"They are very respectable folk, the ants; they are pure intelligence, and with them everything is like a sum that is added up right. To work and to lay eggs, they say, is to live in the present and provide for the future, and that is what they do. They divide themselves into clean and dirty ants; rank is denoted by a number. The Ant Queen is number one, and her opinion is the only correct one, for she has absorbed all wisdom, an important thing for me to know. She said a great deal that was so clever that it appeared to me to have no sense. She said that their ant hill was the highest thing in the world; yet close by the hill stood a tree that was higher, much higher, the fact couldn't be denied, so nobody mentioned it. One evening an ant had lost its way in that direction and crawled up the trunk—not even right up to the top, but yet higher than any ant had been before, and when it turned back and got home, it spoke in the ant hill of something much higher, that was outside. This seemed to the other ants an insult to the whole community, so this ant was condemned to wear a muzzle and remain in perpetual solitary confinement. But a short time after another ant went to this tree and made the same exploration and discovery and told of it too, as was said, with caution and vaguely; and since it was also a respected ant and one of the clean, it was believed; and when it died an egg-shell was set up as a monument to it, for the ants honoured knowledge. I saw", said the little Mouse, "how the ants continually ran about with their eggs on their backs. One of them dropped hers, and had great difficulty in getting it up again, in fact could not. Two others came and helped with all their might, so that they were dropping their own eggs, whereupon they instantly left off helping—for charity begins at home: and the Ant Queen said of the incident, that it certainly showed feeling and intelligence. 'These two things serve to place us ants at the head of rational beings. Intelligence must and should outweigh all else, and the greatest intelligence is mine.' With that she stood upon her hind legs, and was so conspicuous I could not be mistaken; and I swallowed her. 'Go to the ant and become wise.' I had got the Queen.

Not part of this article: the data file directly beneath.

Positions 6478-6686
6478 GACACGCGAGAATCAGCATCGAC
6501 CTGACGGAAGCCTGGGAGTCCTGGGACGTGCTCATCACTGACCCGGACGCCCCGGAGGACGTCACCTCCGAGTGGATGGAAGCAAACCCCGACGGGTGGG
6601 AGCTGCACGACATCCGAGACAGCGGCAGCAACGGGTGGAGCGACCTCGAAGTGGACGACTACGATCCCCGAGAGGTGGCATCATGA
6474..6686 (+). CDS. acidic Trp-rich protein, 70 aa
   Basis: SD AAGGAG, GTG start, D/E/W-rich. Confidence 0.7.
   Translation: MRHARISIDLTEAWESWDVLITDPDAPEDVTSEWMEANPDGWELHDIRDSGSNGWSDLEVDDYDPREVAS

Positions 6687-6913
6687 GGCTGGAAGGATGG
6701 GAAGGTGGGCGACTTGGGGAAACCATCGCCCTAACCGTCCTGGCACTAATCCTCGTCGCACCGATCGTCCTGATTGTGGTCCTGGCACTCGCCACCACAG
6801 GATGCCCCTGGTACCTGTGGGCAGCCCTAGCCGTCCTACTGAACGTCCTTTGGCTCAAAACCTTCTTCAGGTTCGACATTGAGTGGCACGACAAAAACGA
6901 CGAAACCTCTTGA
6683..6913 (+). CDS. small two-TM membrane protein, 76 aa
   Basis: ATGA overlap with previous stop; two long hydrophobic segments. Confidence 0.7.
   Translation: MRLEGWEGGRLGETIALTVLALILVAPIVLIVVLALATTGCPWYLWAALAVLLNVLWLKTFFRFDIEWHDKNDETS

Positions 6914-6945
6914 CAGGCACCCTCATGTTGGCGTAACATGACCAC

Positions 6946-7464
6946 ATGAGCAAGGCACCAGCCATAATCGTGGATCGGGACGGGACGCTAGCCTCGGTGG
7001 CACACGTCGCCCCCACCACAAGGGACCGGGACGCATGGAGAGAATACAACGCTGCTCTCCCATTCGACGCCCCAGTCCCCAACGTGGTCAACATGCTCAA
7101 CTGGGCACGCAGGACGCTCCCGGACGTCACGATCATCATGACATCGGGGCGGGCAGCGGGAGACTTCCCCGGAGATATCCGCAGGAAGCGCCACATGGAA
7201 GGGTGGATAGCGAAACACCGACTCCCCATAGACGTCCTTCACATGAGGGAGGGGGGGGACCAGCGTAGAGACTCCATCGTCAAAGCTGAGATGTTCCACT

"I then approached the large tree I have mentioned: it was an oak, very old, with a tall stem and mighty crown. I knew that in it dwelt a living being, for a woman called a Dryad is born with the tree and dies with it. I had heard about this in the library; now I saw such a tree and such an oak-maid. She gave a dreadful shriek when she saw me so close, for she was, like all women, very much afraid of mice. Still, she had more reason to be so than others, for I could gnaw through her tree, and on it her life depended. I talked to her in a friendly and affectionate way, and she regained courage and took me on her delicate hand, and when she heard why I had come out into the wide world she promised that very likely that same evening I might get hold of one of the two treasures I was still looking for. She told me that Fantasus was a dear friend of hers, that he was as beautiful as the God of Love, and that he very often came to rest himself under the leafy branches of her tree, which then rustled above the two of them with more life than ever. He would call her his own Dryad, and her tree his own tree. Indeed, the beautiful stately gnarled oak was just after his own heart, with its roots set deep and fast in the earth, its trunk and crown rising high into the fresh air, and feeling the driving keen-aired snow and the hot sun as they should be felt. 'Yes,' she said, 'up there, the birds sing and tell of foreign lands, and on that single dead bough the stork has built a nest, which is an ornament to the tree, and one hears something about the land of the pyramids. All this Fantasus enjoys, but he isn't satisfied with that; I have to tell him myself about my life in the forest, ever since I was little and my tree was so tiny that a nettle could hide it, up till now, when it is so large and stately. Sit down now under the woodruff and take good heed; when Fantasus comes I shall be sure to find an opportunity to twitch his wing and pull a little feather out. Take that: no poet ever had a better, and that will suffice you.'